Rónán O Snodaigh

Rónán O Snodaigh: Short Description

Poet, Composer and Musician. Toured with Dead Can Dance in the 1990s, plays Bodhrán. Sings and records with the band Kíla. Ronan teaches rhythm therapy to children and adults. He also composes music for Nature Documentaries.

Rónán Ó Snodaigh (born 1 January 1970 in Ireland) is a musician, poet and vocalist. He is the lead vocalist in the musical group Kíla. He has released four albums to date. Playdays, Tonnta Ró, Tip Toe and The Last Mile Home. He also worked with Mic Christopher on his album Skylarking. and with Breton-based singer songwriter Dom Duff on the album Straed an Amann (Butter’ Street).
Rónán has composed music for nature documentaries Wild Journeys and The Eagles Return.

Ó Snodaigh plays the bodhrán, the djembe, the conga, the bongos and the guitar along with many other instruments.
He is the son of publisher Pádraig Ó Snodaigh. His brother is politician Aengus Ó Snodaigh.

Rónán was born on the first of January 1970 and grew up in an Irish speaking family in Dublin. He began playing the Bodhrán at the age of twelve. From this, he has developed a variety of musical expression. He was an integral part of the “street music scene” that erupted in Dublin in the late 80’s. He’s been a central member of the band “Kila” since they formed in 1985. He was in the Dead Can Dance line up for the “Toward the Within” Tour. He occasionally organises musicians to perform. Ronan records his own songs under the name of “Tonnta Ro”. He has been involved in a wide variety of rhythm pageant, processions and dance shows.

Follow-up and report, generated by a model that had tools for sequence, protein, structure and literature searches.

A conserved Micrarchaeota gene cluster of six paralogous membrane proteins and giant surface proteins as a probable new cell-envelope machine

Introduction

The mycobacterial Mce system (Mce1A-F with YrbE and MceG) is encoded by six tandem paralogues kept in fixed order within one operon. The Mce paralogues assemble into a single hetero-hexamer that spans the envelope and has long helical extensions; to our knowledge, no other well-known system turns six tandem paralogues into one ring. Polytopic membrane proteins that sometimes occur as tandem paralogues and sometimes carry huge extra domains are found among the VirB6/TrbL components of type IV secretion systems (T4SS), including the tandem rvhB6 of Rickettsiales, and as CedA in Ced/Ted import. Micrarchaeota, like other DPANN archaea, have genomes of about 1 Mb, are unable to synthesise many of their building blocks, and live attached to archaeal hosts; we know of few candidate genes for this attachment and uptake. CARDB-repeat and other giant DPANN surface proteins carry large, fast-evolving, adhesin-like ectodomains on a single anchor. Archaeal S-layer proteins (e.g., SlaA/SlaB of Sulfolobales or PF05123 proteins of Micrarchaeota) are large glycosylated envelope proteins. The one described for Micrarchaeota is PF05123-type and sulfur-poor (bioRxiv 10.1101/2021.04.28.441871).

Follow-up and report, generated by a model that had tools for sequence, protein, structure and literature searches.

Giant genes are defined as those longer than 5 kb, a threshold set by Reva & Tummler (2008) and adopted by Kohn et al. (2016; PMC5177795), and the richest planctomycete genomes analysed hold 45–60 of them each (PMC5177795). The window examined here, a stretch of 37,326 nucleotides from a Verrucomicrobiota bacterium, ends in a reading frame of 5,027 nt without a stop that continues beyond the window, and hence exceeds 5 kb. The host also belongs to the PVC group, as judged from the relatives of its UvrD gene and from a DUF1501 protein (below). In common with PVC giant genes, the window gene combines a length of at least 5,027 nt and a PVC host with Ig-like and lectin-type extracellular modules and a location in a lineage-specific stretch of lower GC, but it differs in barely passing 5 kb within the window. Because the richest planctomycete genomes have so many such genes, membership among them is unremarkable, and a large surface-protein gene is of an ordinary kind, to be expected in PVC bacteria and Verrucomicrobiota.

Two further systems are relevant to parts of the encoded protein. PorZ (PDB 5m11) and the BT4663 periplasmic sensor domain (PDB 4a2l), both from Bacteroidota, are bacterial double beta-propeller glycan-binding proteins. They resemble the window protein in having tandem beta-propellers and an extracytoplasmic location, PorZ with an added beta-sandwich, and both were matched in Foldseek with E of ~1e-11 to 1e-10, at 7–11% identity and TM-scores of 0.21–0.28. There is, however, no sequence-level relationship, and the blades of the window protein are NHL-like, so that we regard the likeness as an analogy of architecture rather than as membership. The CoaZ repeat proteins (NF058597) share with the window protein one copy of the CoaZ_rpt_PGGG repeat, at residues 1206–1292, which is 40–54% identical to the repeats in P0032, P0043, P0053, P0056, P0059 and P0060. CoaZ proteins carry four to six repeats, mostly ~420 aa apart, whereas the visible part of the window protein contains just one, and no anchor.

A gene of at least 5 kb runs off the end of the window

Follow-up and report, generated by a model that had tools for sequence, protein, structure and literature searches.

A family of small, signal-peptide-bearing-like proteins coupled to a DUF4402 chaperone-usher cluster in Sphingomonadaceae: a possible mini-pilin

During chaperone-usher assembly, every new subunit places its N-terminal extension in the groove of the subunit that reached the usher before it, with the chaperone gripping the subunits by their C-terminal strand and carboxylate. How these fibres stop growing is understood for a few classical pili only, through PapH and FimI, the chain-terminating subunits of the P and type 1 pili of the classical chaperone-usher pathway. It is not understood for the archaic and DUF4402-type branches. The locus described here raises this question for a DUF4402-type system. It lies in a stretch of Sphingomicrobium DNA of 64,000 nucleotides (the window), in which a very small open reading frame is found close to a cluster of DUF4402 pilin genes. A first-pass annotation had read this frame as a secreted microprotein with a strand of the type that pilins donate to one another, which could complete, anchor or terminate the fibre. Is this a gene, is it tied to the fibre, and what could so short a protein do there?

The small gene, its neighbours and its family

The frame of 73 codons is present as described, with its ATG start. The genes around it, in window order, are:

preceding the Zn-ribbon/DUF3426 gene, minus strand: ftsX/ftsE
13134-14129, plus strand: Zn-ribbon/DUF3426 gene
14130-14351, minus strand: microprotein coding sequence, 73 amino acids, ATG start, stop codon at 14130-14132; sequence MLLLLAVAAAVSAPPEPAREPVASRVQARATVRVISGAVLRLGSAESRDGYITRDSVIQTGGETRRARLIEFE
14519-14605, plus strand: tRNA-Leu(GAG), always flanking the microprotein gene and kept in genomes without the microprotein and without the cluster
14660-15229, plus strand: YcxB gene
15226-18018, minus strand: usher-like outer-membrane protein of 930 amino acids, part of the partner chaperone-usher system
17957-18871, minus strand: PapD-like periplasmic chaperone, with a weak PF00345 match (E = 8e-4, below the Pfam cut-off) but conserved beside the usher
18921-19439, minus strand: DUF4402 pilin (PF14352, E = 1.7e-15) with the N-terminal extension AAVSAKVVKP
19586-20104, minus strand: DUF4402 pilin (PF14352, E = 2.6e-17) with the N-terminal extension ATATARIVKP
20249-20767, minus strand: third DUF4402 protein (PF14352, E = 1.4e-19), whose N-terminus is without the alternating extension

Michael modelled Rónán in clay on a traditional wooden armature. After which he had a mould made of silicone with a fibreglass case. From there he took a plaster cast with a steel threaded bar in the centre for mounting. Michael continued to refine his modelling on the cast. The finish on the plaster is a sort of white wash giving it a marble look and texture. Michael then mounted the plaster bust on to a nice block of wood finished with a clear varnish.

Courtesy of: Wikipedia

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